This policy has been conducive to higher government spending and has spurred activity

Distributing the positive effects of terms of trade gains to the rest of the economy through fiscal policy has probably helped alleviate growth disparities between the states, all of which have enjoyed improved economic circumstances, even if the improvement has been most pronounced in states that are rich in mineral resources (Figure 1.8). Nevertheless, this policy has also given rise to a lessening of control over spending, not only at the federal level (Laurie and McDonald, 2008), but also by the states, even though total expenditure has remained stable as a proportion of GDP, at a relatively low level in international terms (Figure 1.9). But this ratio is affected by the terms of trade gains, which have increased the GDP deflator sharply, so that in real terms government spending has risen far more rapidly than production. This rise is the fastest since the early 1980s, and it came in a favourable economic environment, in contrast to previous episodes, which were characterised by recessions.




Such a rapid rise is not necessarily problematic if the quality of spending is sufficient to offset the costs related to its financing, e.g. by bolstering the economy's productivity or improving social outcomes. In a period of full employment, however, such a trend is hardly conducive to allocating resources to the most productive sectors. Moreover, spending has centred on current outlays and government employment (Figure 1.10). On the other hand, growth in government investment has been modest and spending on education or health care, which are likely to have beneficial effects on human capital, has been lacklustre.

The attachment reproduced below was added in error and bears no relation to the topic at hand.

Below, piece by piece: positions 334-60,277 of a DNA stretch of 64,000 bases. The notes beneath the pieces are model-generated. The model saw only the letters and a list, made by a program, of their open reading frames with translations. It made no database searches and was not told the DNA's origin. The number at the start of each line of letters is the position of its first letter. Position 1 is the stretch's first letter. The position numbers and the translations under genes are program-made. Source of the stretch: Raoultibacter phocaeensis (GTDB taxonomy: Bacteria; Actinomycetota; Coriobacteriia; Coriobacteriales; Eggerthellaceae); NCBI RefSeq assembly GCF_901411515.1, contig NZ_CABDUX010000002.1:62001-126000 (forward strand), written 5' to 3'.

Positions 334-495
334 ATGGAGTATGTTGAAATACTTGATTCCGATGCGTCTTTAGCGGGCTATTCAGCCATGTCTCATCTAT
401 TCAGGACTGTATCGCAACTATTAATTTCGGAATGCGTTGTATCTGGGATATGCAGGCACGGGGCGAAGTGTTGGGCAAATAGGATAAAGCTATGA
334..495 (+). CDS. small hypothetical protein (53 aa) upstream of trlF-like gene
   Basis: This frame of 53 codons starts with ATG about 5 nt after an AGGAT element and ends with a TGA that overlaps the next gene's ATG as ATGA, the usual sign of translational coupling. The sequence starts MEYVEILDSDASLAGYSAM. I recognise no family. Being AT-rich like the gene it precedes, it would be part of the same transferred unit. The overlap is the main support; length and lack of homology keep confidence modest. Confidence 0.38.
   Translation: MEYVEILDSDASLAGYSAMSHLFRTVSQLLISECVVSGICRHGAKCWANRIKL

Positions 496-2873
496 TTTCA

Fiscal policy has also aggravated strains on capacity. For example, rapid growth in the number of civil servants, especially in the states, (7) has outpaced private-sector job growth since the turn of the century. This has not eased tensions in the labour market, especially with respect to skilled workers, as the proportion of graduates in new hires for government agencies is roughly twice that for the private sector (Laurie and McDonald, 2008). Successive cuts in household income taxation have propped up short-term demand, even if some of the measures adopted will bolster the labour supply in the longer term. The expansionary thrust of fiscal policy can be estimated by an indicator of the general government balance that adjusts for cyclical variations as well as for variations stemming from the terms of trade (Turner, 2006). The decline of this balance, which incorporates the impact of the rising terms of trade as compared with their long-term average, would suggest that the combined fiscal policy stimulus has amounted to around 2 1/2 per cent of GDP since 2002/03, or roughly two percentage points more than under a scenario in which the terms-of-trade gains had not been recorded or passed along to the rest of the economy (Figure 1.11). (8) This policy has added to demand pressures even if it did not stem from "fiscal activism" in a conventional sense, but from a strategy of redistributing the windfalls reaped from the terms of trade gains to the economy as a whole.